Building microservices? Give Dapr a try


Microservices are at the heart of many cloud-native architectures, using tools such as Kubernetes to manage service scaling on demand. Microsoft has been at the forefront of much of this movement, with a deep commitment to the Cloud Native Computing Foundation and by using Kubernetes to support its hyperscale Azure and its on-premises hybrid Azure Stack.

Part of that commitment comes from its tools, with a range of different platforms and services to support cloud-native microservice development. One of those tools is Dapr, the Distributed Application Runtime, an event-driven runtime that supports creating and managing service elements using best practices. It’s designed to be platform agnostic, so you can use your choice of target environments (local, Kubernetes, or any other environment with Dapr support) and your choice of languages and frameworks.

[ Also on InfoWorld: 17 clever APIs for every developer whim ]

Dapr gets close to 1.0

It’s been a while since Dapr’s Fall 2019 announcement, but development has continued during the past year, and with a second release candidate currently available, a Dapr 1.0 release isn’t far away. That development process includes development tools and a Dapr CLI to set up development environments and help with application scaffolding, ready for you to add your code.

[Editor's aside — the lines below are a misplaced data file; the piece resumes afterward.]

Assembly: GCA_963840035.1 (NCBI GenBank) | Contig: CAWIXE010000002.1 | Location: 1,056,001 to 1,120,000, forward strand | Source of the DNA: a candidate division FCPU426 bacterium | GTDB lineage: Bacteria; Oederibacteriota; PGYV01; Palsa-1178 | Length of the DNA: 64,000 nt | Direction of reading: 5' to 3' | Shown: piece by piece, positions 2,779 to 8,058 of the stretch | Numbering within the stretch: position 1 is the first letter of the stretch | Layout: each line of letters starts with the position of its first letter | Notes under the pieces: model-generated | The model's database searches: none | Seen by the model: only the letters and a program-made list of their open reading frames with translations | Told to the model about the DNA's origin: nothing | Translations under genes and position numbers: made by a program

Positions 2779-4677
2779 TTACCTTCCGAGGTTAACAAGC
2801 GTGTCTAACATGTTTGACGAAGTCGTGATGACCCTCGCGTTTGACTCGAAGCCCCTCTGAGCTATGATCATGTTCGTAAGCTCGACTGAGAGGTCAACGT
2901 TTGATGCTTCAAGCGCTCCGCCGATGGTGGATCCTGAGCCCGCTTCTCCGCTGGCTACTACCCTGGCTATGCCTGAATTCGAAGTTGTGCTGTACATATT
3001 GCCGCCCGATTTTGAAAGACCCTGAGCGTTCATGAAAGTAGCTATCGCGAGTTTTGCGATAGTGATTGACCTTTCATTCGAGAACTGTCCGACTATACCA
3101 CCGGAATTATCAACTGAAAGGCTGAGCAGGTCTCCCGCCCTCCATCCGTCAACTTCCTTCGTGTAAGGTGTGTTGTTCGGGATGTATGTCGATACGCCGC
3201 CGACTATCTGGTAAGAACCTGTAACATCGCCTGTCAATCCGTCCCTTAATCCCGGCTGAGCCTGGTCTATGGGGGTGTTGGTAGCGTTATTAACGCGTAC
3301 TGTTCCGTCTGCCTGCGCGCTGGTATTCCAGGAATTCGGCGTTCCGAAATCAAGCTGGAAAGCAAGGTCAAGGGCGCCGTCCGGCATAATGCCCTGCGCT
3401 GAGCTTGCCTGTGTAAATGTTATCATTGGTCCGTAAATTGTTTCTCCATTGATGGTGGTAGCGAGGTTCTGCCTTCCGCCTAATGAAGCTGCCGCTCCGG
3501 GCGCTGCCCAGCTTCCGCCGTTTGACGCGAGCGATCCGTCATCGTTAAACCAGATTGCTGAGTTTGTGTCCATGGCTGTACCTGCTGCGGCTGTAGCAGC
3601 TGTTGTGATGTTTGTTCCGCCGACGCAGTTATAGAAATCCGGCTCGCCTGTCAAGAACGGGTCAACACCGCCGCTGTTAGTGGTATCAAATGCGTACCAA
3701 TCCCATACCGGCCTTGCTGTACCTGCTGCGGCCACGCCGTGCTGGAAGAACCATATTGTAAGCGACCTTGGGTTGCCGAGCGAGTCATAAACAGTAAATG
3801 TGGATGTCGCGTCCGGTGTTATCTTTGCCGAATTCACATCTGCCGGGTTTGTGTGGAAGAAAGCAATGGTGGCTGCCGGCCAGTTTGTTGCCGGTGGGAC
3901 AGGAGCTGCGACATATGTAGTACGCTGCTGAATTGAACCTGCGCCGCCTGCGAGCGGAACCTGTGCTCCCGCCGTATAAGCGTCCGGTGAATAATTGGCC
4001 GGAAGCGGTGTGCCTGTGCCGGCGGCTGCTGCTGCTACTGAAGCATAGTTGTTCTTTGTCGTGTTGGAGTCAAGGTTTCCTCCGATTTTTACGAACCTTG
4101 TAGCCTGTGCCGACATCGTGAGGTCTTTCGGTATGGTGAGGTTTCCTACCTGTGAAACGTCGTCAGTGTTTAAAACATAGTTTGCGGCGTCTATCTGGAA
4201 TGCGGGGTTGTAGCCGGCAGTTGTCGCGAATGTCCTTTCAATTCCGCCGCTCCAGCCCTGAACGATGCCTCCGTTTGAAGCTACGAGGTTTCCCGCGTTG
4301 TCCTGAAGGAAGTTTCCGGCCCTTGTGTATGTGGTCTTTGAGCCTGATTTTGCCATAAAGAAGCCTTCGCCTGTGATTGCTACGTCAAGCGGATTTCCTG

There’s going to be at least one more release candidate, but if you haven’t looked at Dapr, it’s a good time to start seeing if it can help you build services faster. A good place to start is with the Dapr CLI, which works with a local Docker installation. It’s available for Linux, macOS, and Windows, with installation instructions for the main versions. Windows developers can choose to install in WSL or Windows, using the Linux instructions for WSL. You can install either the current release candidate CLI or the last stable development release, 0.11.

Once you’ve installed the Dapr CLI and Docker Desktop, with Docker Desktop using Linux containers, you’re ready to get started in self-host mode. I’d recommend using a recent release of Docker Desktop, as it works with WSL 2 directly, making it easier to run and manage Dapr containers on your development PCs. Running Dapr downloads and installs the core Dapr containers on your development system, ready for use. Self-hosting Dapr allows you to try it out without requiring a Kubernetes install, while still using all its development tools.

One point to note: I did have some issues with port reservations on my main development PC, which stopped one of the key Dapr containers from starting. This was fixed by stopping the Windows NAT service, which was blocking access to the ports Dapr needed to use.

Copyright © 2021 IDG Communications, Inc.



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